Today's Opinions, Tomorrow's Reality
Ending the War on Terror
By David G. Young
Washington, DC, Januray 17, 2006 --
As the Bush administration's "war on terror" enters its sixth calendar year, the time is long overdue to ask the question: When will the war be over? The four years and five months that have passed since September 11th, 2001 is a longer period than America spent fighting World War II (three years, eight months), the Korean War (three years, one month), the Civil War (four years), World War I (one year, six months), and far longer than the brief Gulf and Spanish-American wars. The question of when the war will be over is critical. The mantra "at a time of war" has been repeatedly used by the Bush administration to justify extra-constitutional power grabs including domestic eavesdropping without warrants, imprisonment of Americans without trials, and the detainment and abuse of foreign nationals at secret prisons around the world. All of these practices, which are controversial even in wartime, would be completely inexcusable at a time of peace. Thus, this begs a very practical question: When will we be at peace?
Since the attacks on the World Trade Center and the Pentagon over four years ago, foreign terrorists have not made a single attack on American soil. Why is this?
There are two very different possibilities. The first, which the Bush administration would have you believe, is that all the administration's controversial actions have paid off by disrupting and preventing subsequent terror plots. This may be so, but it is impossible for anybody to know for sure. And even if a terrorist attack had been prevented, there is no way to tell if it had been because of domestic eavesdropping, imprisonment of Americans without trial, or abuse of foreigners in secret prisons, as opposed to other more benign policies.
The second very real possibility is that the absence of attacks on American soil since September 11th has nothing to do with America's newer security policies. Either existing security was adequate to prevent some plans, the somewhat limited capabilities of Islamic extremists didn't allow them to pull one off, or enough time simply hasn't passed since the last attacks.
It's true that it's been over four years since the last attacks in America. It's also true that there were no such attacks in the eight years before September 11th 2001.
The simple truth is that America's "war on terror" is not truly a war, at least not in the sense of previous wars. Since 2001, about 3000 Americans have been killed at home and 256 American soldiers have been killed in Afghanistan fighting the Taliban and al-Qaeda units1 - an average of about 800 deaths per year. Compare this to World War II, where 54,000 Americans died each year, Korea and Vietnam (11,000 and 4,700 American deaths each year, respectively) and World War I, where 36,000 Americans died each year.2 Clearly, fighting today's terrorists is not nearly as deadly as fighting any of these wars.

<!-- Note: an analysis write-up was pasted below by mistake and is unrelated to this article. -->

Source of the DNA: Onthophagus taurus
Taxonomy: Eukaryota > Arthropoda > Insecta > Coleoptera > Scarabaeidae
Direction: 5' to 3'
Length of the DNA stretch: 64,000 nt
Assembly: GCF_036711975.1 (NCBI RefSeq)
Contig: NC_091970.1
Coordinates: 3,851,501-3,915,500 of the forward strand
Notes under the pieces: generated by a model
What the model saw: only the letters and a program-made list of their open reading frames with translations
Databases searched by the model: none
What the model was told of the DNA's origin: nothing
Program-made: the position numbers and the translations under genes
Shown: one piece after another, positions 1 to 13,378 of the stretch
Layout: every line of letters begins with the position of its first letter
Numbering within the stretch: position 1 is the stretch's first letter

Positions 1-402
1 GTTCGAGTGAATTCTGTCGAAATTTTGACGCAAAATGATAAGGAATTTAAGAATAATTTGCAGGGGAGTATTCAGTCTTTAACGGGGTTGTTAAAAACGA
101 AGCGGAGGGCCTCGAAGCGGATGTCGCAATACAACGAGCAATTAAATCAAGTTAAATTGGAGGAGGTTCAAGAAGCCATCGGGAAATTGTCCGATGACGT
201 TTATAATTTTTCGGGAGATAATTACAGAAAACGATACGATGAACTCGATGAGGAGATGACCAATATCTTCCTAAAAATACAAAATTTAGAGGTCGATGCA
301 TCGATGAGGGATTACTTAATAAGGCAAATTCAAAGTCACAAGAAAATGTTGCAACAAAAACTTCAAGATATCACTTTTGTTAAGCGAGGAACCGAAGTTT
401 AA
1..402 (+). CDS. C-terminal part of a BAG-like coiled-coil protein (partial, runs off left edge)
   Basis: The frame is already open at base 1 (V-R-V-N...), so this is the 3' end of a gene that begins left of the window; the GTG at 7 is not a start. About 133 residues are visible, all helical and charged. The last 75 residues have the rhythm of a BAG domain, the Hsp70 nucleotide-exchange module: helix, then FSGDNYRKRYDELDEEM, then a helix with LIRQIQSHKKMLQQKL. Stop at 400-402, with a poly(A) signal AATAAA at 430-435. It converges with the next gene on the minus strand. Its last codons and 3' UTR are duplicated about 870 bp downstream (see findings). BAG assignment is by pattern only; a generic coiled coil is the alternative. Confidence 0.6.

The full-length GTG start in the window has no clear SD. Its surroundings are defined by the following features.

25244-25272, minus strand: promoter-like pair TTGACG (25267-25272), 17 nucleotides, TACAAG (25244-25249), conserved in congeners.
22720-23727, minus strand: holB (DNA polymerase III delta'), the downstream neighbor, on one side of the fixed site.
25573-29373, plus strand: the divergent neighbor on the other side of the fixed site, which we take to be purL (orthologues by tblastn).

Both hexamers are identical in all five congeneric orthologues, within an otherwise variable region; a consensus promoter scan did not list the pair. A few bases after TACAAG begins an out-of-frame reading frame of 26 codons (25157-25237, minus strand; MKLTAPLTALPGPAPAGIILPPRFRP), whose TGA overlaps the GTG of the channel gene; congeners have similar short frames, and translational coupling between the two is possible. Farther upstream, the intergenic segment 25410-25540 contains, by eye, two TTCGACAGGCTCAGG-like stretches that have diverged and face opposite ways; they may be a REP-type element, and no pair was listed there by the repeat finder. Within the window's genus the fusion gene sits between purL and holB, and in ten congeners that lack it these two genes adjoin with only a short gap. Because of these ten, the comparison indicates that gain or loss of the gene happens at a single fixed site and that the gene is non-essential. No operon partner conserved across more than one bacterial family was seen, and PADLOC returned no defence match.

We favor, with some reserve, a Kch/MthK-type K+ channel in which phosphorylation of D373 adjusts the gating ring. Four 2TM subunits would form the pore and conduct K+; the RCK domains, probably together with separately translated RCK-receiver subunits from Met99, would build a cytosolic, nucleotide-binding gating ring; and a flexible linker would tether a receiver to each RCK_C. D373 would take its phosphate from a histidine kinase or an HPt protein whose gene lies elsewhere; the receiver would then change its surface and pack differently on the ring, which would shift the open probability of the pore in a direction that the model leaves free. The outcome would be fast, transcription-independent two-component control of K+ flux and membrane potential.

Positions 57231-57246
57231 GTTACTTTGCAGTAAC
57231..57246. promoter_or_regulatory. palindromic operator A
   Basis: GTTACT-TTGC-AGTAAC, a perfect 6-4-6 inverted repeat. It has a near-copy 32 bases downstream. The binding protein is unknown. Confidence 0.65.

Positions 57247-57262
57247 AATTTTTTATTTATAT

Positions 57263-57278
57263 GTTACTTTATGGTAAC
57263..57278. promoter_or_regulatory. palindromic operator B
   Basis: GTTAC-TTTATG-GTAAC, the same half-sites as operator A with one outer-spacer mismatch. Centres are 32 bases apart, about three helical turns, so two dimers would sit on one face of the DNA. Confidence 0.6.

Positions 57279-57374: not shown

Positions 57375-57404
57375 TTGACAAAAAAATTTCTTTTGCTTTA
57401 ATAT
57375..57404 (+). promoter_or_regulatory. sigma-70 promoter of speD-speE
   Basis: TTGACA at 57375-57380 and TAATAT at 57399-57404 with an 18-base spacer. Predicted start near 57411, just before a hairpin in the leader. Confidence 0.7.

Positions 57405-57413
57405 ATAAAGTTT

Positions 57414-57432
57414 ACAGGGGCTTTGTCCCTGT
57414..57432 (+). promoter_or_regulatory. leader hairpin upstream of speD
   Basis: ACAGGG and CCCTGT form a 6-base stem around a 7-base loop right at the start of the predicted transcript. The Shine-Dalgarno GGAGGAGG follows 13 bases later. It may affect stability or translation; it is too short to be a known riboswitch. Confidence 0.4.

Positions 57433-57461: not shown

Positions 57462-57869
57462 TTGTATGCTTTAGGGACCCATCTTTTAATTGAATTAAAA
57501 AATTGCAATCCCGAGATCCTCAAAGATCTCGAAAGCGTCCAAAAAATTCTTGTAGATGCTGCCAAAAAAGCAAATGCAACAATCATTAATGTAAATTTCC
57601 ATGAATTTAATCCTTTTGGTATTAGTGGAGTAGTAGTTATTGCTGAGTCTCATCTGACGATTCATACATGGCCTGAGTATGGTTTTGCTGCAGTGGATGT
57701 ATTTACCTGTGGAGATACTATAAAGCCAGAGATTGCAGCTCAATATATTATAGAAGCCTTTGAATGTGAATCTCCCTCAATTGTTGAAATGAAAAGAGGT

The terrorists who fight America are an ever-changing threat. Back in the 1980s, the threat was from secular Middle Easterners fighting for Palestinian, Marxist and nationalist causes. Back then, the terrorist enemy was the Palestinian Liberation Organization (PLO), Libyan crackpot Moammar Qadhafi, and Abu Nidal. By the mid-90s, as these enemies had faded into obscurity, the new terrorist bugaboo was the domestic militia movement, as personified by Oklahoma City bomber Timothy McVeigh. Even Osama bin Laden, the most notorious terrorist in history, has been fading into obscurity. For all practical purposes, he has been eclipsed by Jordanian terrorist Abu Musab al-Zarqawi. And one day Zarqawi too will fade as a threat. But others will certainly follow.
Fighting terrorism is an ongoing effort that must be open-ended. In this sense, it is much like the "wars" on drugs and poverty. Thirty and forty years later, these "wars" are nowhere near victory. Like it or not, these are metaphorical wars that will never end, because they aren't really wars at all. President Bush seemed to acknowledge this last summer, when he briefly re-branded the "war on terror" the "struggle against violent extremism."3 Fair enough. Such a struggle could continue for decades. And while precedents exist for temporary limits on civil liberties during wartime, this is most certainly not the case for a long-term and open-ended "struggle." Let the struggle continue, but it has come time to declare and end to the war.
1. CNN.com, Operation Enduring Freedom Casualties, January 6, 2006
2. Information Please Almanac, America's Wars: U.S. Casualties and Veterans, 2005
3. Christian Science Monitor, The 'rebranding' of the war on terror, July 28, 2005